In 1930, Huey Long ran for the U.S. Senate, characterizing the race as a referendum on his policies to strengthen his position as governor. He won easily but left the Senate seat vacant until he could install a loyal successor to continue his reform agenda in Louisiana. In Washington, Huey became a national force with his “Share Our Wealth” movement, which threatened to siphon Democratic support from the re-election of President Franklin Roosevelt.
In the Louisiana legislative session following the impeachment debacle, opponents blocked Huey’s proposals for a major road-building initiative and the construction of a modern capitol building in Baton Rouge to house all departments of government. Huey countered by announcing he would run for the U.S. Senate in the fall of 1930 as a referendum on his programs. He promised to resign the governorship if he lost the Senate race; but a win would signal to the legislature where their constituents stood.
Lt. Governor Paul Cyr, a Long opponent, claimed that Huey vacated his governorship upon his election to the U.S. Senate. In the fall of 1931, Cyr staged a “coup d’etat” and had himself sworn in as governor, claiming a Baton Rouge hotel as the new seat of government.
Huey responded that he was still governor because he had not taken the oath of office as Senator. He called out the National Guard to secure the capital city and declared that Cyr had vacated his office by taking the oath for the governorship.
The courts agreed, and under state rules the president of the state senate, Alvin O. King, became Lt. Governor. With his friend set to succeed him, Long resigned as governor and left for Washington.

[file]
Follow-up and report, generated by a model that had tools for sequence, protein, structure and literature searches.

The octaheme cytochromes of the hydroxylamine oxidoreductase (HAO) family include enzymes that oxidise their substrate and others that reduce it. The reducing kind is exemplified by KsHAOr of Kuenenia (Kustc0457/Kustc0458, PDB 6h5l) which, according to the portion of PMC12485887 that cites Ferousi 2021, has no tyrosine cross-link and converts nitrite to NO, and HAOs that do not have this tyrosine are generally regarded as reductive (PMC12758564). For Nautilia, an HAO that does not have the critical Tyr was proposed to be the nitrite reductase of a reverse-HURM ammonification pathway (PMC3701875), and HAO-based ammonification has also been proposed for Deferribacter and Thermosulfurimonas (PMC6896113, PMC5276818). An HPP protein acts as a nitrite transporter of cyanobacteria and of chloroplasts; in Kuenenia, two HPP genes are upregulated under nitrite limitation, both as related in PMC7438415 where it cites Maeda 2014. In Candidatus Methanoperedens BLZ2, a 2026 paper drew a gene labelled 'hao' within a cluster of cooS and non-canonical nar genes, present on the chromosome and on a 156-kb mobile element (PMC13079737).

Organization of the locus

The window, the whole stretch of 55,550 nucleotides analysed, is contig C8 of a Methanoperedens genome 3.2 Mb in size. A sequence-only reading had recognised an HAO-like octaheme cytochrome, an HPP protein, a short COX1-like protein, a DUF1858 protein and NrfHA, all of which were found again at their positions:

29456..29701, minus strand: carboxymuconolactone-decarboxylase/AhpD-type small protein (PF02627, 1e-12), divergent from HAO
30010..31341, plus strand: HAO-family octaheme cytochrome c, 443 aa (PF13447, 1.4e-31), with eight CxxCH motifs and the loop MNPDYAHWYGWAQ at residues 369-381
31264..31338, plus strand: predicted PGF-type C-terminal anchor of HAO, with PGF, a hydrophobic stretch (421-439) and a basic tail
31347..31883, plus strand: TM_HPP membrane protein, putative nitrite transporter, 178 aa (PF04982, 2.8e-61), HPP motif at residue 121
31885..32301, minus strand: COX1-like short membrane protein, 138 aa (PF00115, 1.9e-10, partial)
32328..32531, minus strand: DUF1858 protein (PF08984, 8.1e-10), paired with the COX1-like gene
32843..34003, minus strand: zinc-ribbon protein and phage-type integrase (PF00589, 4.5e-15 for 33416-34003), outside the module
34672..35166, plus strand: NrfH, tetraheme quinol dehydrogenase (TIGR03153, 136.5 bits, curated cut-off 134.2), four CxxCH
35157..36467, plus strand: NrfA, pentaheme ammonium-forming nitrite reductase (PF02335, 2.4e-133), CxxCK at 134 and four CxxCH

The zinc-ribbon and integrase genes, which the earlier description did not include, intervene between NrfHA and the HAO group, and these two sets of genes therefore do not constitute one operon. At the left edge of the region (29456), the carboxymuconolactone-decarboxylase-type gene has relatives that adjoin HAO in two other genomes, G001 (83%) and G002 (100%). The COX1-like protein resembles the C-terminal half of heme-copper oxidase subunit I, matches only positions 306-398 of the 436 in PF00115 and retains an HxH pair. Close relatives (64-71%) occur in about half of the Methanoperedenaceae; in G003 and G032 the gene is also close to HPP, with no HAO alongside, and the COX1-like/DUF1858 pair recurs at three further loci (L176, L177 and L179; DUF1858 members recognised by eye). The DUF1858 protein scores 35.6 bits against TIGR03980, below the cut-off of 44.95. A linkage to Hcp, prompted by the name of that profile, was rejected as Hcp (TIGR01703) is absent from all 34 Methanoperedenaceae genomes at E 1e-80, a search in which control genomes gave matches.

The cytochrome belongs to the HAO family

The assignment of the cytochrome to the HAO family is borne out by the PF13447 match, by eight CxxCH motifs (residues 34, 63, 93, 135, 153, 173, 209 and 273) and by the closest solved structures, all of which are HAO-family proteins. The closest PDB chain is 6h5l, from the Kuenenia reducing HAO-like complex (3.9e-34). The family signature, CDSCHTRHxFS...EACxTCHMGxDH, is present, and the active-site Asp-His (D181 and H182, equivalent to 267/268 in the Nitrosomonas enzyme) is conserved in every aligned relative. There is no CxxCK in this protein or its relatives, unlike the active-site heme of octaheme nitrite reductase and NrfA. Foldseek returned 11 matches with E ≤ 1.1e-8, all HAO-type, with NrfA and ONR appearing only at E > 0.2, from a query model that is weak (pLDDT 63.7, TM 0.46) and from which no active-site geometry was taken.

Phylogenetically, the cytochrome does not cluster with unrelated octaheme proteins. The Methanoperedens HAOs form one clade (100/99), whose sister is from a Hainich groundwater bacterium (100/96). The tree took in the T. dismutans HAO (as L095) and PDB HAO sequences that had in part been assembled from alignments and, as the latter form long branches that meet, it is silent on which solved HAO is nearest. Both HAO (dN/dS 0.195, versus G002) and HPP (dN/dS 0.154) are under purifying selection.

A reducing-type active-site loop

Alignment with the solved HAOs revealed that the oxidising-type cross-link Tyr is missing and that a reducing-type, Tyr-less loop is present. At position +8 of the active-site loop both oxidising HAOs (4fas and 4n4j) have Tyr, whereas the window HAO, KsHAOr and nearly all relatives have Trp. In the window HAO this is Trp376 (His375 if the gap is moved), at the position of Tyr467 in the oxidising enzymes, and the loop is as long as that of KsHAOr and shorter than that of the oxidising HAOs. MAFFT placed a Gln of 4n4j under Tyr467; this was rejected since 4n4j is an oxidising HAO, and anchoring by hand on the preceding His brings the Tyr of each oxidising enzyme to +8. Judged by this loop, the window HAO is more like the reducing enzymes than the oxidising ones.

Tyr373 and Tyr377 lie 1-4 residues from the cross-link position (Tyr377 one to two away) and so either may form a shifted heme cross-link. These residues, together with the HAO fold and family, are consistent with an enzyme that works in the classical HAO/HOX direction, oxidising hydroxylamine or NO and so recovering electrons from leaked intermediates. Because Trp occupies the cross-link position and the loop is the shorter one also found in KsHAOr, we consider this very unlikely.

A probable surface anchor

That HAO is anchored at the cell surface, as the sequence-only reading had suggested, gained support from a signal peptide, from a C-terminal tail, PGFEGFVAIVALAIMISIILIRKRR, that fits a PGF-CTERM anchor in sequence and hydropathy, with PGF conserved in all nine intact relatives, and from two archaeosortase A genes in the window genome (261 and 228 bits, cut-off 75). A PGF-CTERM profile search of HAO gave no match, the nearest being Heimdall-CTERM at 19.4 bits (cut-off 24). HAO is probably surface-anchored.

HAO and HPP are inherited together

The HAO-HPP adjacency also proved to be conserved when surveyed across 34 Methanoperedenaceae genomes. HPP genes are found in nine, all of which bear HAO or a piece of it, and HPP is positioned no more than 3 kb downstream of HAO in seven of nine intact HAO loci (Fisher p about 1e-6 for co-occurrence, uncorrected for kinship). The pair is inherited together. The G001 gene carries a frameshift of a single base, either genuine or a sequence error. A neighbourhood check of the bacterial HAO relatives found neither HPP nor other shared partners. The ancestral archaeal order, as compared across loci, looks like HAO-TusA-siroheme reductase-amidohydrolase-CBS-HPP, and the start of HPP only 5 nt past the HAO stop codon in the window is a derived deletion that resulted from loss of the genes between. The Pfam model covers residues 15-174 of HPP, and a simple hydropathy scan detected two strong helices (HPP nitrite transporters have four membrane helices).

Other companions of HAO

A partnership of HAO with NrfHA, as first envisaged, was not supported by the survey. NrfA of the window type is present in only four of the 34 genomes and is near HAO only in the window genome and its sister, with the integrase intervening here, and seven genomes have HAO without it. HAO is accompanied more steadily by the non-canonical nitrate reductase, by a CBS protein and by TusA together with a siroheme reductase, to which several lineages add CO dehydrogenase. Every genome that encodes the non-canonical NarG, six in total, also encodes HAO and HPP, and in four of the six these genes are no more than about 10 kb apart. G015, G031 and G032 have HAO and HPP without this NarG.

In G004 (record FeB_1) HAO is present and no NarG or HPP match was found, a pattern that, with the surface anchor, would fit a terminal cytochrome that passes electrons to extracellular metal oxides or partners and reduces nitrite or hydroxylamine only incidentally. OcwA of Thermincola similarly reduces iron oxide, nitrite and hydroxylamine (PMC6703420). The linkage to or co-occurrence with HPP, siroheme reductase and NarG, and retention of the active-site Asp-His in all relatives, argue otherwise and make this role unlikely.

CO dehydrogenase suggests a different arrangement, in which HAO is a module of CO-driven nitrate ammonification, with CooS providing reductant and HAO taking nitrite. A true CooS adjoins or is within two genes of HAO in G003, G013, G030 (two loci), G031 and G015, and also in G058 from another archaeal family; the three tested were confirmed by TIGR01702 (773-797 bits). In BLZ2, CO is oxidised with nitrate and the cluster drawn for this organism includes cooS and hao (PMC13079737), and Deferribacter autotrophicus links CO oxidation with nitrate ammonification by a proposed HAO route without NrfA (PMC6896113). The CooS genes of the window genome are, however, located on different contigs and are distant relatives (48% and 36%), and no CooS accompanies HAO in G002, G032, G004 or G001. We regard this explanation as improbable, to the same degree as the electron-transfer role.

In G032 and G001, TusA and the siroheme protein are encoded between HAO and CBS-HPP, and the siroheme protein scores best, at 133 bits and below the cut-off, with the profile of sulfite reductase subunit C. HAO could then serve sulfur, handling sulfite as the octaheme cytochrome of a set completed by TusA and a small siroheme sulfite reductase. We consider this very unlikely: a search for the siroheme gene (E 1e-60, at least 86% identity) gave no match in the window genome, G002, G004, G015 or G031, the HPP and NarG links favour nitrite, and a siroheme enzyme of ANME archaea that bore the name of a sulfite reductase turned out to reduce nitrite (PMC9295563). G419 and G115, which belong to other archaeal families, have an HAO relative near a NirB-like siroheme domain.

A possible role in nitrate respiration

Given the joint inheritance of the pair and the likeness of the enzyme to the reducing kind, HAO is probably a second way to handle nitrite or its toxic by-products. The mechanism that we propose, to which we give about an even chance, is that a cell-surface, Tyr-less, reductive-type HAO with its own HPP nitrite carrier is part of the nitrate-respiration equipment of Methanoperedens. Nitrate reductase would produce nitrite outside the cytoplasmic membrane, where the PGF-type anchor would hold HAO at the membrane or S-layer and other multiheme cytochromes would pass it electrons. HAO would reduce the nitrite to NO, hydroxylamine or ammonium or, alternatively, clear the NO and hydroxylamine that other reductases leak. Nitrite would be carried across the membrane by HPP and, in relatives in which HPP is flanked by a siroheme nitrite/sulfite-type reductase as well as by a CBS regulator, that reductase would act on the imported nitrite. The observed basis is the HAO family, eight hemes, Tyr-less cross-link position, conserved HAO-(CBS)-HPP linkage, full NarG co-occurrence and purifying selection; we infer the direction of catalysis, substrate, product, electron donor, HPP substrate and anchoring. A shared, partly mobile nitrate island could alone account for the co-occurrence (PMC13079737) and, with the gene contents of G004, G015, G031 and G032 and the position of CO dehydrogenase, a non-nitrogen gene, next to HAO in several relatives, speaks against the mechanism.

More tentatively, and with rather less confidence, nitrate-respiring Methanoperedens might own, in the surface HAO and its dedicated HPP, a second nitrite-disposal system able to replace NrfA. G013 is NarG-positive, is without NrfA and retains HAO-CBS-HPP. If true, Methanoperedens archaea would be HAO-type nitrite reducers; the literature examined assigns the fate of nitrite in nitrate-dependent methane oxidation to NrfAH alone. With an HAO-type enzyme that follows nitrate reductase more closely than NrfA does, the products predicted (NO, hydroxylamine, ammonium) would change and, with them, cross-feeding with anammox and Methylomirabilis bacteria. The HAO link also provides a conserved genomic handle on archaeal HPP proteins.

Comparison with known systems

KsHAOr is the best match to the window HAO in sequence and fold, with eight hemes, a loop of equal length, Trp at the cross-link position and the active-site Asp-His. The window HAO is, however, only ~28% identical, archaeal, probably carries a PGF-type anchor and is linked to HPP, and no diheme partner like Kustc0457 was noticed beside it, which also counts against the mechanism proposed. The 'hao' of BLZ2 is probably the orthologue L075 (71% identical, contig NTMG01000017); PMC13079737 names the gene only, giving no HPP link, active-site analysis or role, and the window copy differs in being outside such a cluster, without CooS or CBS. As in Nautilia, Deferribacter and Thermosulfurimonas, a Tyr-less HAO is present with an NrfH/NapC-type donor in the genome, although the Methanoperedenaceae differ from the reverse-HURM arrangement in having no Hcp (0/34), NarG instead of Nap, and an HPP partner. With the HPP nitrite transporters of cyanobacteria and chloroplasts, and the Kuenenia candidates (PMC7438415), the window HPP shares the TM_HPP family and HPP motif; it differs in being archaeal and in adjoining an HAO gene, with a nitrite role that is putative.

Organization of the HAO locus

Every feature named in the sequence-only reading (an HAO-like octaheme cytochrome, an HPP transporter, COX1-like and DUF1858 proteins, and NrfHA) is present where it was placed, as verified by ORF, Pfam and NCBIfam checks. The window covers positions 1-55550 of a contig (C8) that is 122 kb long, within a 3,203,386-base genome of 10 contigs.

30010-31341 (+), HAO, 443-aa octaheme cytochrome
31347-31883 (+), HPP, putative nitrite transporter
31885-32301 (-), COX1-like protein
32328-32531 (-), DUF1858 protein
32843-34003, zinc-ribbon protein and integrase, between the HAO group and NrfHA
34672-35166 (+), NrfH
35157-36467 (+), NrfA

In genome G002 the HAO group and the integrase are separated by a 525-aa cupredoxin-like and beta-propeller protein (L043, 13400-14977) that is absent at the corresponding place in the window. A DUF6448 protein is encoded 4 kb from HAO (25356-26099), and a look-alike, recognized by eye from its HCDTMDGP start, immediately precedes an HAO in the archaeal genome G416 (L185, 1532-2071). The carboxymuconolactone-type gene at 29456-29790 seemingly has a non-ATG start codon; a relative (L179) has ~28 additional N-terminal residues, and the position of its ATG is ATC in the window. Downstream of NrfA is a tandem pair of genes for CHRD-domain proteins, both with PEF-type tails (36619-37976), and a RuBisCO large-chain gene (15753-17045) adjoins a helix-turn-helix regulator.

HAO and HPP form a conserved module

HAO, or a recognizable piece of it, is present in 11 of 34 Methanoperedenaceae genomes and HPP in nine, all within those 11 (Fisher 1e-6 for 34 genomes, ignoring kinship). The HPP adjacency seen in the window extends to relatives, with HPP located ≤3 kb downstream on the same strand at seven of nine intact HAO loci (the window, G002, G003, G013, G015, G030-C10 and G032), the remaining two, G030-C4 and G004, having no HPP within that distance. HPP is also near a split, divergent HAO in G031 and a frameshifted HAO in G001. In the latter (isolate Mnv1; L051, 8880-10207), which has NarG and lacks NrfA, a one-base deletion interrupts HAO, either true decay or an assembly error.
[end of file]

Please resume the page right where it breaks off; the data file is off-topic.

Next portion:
Long soundly defeated incumbent Senator Joseph E. Ransdell, but he left the Senate seat vacant for nine months for fear that Lt. Governor Paul Cyr would roll back his reforms once Huey left for Washington. (In response to critics, Long quipped that the seat had already been vacant 32 years under Ransdell.) After a bungled attempt by Cyr to seize the governorship, Long ally Alvin O. King became Lt. Governor, allowing Huey to take his seat in the Senate.
Huey continued to be in effective control of Louisiana after the next gubernatorial election, when he successfully campaigned for Oscar K. Allen, a childhood friend and loyal supporter, who followed Long’s instructions in the governor’s office. He frequently traveled back to Baton Rouge to push his programs through the legislature, including abolishing the poll tax and creating a homestead tax exemption for personal property.
Huey believed that the Great Depression was the result of the tremendous disparity between the wealthy and the poor. He charged that the richest five percent of the population controlled 85 percent of the nation’s wealth. There just was not enough to go around. By 1934, nearly half of all Americans lived in poverty, earning less than $1,250 annually.
In Huey’s view, capitalism had run amuck and the vast majority of the population was suffering as a result of corporate greed. The nation was stuck in a vicious cycle in which people had no money to put into the economy, and jobs were drying up because there was no commerce. One in four breadwinners was out of work, and more than a million men roamed the country in search of work.
Surpluses of food and textiles were destroyed for lack of buyers, while millions lost their worldly possessions and lived on the brink of starvation.
Huey arrived in Washington in January 1932. As the Great Depression worsened, he made impassioned speeches in the Senate charging a few powerful families with hoarding the nation’s wealth. Noting that 95 percent of the nation’s wealth was held by only 15 percent of its people, Huey urged Congress to address the inequality that he believed to be the source of the mass suffering. How was a recovery possible when twelve men owned more wealth than 120 million people?
In 1934, Huey unveiled a program of reforms called Share Our Wealth to redistribute the nation’s wealth more fairly, capping personal fortunes at $50 million (later lowered to $5 - $8 million) and distributing the rest through government programs aimed at providing opportunity and a decent standard of living to all Americans. Huey believed his programs in Louisiana were effective in lifting people out of poverty, and he wanted to implement this philosophy nationally.